Neurofeedback Effective for Impulse Contol and Inattention, Public Shapes DSM, and More: This Week Across the ADD/ADHD Spectrum

This Week Across the ADD/ADHD Spectrum is a new ongoing feature, covering -- you guessed it -- news that relates to ADDers, people with LD, and the whole range of alphabet soup diagnoses.
ADHD News Feed | posted by Hilary Tuttle

Neurofeedback Deemed Effective Treatment for ADHD

The Journal of Neurotherapy has announced that neurofeedback is a safe and effective treatment intervention for patients with attention deficit hyperactivity disorder (ADD/ADHD). According to the position paper published in the Journal’s current issue, which drew upon data from more than 40 studies, impulse control and attention issues seem to be the symptoms best remediated with the treatments. [Source: Medical News Today]

Public Comments Shape Official Autism Diagnosis Guide

Earlier this year, when experts from the American Psychiatric Association released their recommended changes for the fifth edition of the Diagnostic and Statistical Manual of Mental Disorders, asking for public feedback and suggestions on the criteria for conditions ranging from ADD/ADHD to eating disorders, they received more than 8,600 responses. Most suggestions regarded how to diagnose autism. While updates have been made based on these public comments, the APA's recommendations for autism spectrum disorders announced earlier this year appear to be unaltered. [Source: Disability Scoop]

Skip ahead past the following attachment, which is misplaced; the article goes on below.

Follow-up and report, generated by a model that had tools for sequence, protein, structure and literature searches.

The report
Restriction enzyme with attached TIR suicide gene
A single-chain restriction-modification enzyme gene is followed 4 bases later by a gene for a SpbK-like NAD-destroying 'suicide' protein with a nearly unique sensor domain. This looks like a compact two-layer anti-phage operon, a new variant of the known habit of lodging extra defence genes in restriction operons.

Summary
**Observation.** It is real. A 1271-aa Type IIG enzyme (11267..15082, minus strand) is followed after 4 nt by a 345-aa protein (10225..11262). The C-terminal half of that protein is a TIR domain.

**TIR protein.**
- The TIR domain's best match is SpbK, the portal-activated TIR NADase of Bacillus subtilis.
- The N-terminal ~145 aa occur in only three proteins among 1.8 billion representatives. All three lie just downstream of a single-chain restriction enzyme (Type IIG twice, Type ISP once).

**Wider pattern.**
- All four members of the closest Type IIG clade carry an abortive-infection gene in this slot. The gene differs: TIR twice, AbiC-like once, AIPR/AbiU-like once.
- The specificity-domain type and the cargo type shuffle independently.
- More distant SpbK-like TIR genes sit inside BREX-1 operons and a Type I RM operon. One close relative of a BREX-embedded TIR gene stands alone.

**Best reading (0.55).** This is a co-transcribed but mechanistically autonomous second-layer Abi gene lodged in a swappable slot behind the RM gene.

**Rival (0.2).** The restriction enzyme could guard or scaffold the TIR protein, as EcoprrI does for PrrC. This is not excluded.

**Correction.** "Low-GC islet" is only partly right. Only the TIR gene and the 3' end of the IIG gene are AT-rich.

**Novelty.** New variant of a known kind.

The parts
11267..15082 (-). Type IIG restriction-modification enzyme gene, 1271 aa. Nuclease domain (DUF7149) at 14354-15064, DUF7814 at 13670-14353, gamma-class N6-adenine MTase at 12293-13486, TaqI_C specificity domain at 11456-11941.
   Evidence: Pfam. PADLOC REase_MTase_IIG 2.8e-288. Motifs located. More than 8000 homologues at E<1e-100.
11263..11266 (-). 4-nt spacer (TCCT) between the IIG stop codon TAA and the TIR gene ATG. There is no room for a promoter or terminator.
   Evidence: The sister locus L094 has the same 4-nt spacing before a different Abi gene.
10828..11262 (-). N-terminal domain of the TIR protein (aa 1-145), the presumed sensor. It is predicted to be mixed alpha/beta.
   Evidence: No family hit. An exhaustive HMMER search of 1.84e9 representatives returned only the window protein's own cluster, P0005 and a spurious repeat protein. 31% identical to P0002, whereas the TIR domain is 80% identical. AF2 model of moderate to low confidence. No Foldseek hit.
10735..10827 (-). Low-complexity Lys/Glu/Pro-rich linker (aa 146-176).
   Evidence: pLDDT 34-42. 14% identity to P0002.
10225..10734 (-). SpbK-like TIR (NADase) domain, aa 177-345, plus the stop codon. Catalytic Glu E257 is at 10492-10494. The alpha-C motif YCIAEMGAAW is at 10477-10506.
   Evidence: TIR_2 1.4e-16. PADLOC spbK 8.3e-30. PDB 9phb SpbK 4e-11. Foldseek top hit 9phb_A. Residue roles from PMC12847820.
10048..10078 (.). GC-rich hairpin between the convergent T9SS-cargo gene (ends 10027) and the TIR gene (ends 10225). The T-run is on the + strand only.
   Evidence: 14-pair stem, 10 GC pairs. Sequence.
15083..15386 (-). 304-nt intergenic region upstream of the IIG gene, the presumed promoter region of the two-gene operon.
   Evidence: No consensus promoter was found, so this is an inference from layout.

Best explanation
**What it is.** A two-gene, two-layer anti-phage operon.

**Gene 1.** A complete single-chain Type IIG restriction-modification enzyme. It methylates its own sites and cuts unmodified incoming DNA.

Link Found Between Home Computers and Lower Test Scores

Scholars at Duke University's Sanford School of Public Policy have released a study claiming that the spread of available technology in homes has increased the achievement gap in test scores. According to their findings, “Students in grades five through eight, particularly those from disadvantaged families, tend to post lower scores once these technologies arrive in their home.” The study covers the period from 2000 to 2005, before Facebook and Twitter further influenced the shape of computer use. [Source: Science Daily]

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